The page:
Workers Forced To Walk To Work As ZUPCO Buses Fail To Cope With Increased Demand

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By Correspondents

SCORES of commuters in Bulawayo were Monday forced to walk to the city centre due to an acute shortage of public transport with the few ZUPCO buses plying the city’s major routes overwhelmed by demand as most employees resumed going to work.

A lot of employees in the formal sector returned to work Monday after President Emmerson Mnangagwa Friday announced the lifting of the five-week lockdown on industry and commerce.

However, kombis are still not allowed to ferry any passengers leaving thousands of passengers stranded.

The public transport crisis has been worsened by the restricted number of passengers which ZUPCO buses are allowed to carry as part of social distancing.  Police mounted roadblocks along all major roads leading into the city where they were demanding travel authorisation documents as well as checking that every passenger has a face mask as required under the new regulations.

A news crew witnessed a large number of commuters working along the busy Luveve and Plumtree roads heading for the CBD.

“I arrived at the bus terminus around 6 am intending to board a bus to go to work. I waited for almost two hours before I decided to walk to town. Already, I am late for work and tired,” said Lillian Ndubiwa, a general hand at a local bank who had to walk for 15km into the CBD.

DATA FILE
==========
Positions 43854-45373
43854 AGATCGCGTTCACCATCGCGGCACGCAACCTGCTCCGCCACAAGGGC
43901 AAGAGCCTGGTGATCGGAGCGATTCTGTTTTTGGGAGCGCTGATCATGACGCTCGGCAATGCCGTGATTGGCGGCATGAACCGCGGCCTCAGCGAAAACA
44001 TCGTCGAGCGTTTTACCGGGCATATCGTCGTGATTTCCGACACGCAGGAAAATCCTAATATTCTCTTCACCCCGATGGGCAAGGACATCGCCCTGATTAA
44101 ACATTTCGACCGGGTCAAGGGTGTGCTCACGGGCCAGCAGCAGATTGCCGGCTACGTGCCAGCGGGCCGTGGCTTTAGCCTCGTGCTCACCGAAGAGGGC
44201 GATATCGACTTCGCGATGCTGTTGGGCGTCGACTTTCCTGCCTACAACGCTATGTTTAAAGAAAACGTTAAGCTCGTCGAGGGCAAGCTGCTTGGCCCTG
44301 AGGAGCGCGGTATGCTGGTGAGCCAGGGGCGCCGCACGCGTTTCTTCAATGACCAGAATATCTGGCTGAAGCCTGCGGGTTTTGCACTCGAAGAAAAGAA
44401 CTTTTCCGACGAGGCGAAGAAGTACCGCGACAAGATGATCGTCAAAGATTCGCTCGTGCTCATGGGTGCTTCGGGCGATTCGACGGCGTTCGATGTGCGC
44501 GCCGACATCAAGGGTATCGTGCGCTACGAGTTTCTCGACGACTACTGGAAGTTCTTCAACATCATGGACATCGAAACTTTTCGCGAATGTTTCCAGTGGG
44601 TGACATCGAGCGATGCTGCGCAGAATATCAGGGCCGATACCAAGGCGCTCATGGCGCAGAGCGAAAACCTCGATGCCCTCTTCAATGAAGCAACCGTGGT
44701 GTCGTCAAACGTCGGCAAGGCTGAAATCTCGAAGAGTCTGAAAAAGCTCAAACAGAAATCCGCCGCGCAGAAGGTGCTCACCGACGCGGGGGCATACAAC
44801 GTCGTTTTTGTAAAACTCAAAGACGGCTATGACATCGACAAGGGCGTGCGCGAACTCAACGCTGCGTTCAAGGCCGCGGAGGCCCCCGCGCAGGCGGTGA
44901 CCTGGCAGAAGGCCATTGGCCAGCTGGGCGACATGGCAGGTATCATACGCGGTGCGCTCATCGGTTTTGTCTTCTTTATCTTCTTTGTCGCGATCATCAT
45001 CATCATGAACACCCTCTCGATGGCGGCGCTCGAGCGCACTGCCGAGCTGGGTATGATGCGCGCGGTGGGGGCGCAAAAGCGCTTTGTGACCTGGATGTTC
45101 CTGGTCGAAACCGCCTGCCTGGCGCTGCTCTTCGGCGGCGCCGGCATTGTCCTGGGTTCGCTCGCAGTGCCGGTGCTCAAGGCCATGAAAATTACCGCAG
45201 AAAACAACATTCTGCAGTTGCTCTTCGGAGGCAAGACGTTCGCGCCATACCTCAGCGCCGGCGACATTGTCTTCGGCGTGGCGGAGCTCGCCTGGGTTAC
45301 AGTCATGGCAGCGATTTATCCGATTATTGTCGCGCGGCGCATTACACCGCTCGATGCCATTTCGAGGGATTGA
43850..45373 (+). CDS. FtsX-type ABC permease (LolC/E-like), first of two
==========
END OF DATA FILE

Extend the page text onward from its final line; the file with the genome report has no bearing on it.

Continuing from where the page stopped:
Ndubiwa urged the government to release more ZUPCO buses to cater for the large number of workers who have been allowed to return to work.

In the central business district (CBD), almost all shops including car spare parts shops, banks, supermarkets, and butcheries reopened for business Monday.

However, liquor selling outlets remained closed while the vegetable market which is usually a hive of activity was deserted with police and army officers patrolling the area.

In Mutare, Manicaland correspondent noted that there was an increase in vehicular and human traffic in the CBD.

A lot of banks, garages, motor spare, hardware shops, and food outlets were operational.

There were visible queues at banks with depositors wearing face masks of all types ranging from bandanas to mutton cloths.

There were also sizeable crowds at Mutare Magistrates’ Courts and supermarkets with people restocking foodstuffs.

Although security checkpoints are still in place, vendors were also visible in street corners making brisk business in selling homemade face masks ranging from $40 to $50.

In Redcliff, Midlands province, most workers were left stranded as they could not report for work because only a few ZUPCO buses were available.

In Amaveni and Mbizo suburbs in Kwekwe Town, there was an improved transport service into the CBD.

In Kadoma, according to local MP Muchineripi Chinyanganya, Monday was business as usual as residents went about their business like during the days before the national lockdown.

The situation was the same in Chinhoyi with the mayor, Dyke Makumbi confirming that it was also business as usual and transport into the CBD was not a challenge for workers returning to work.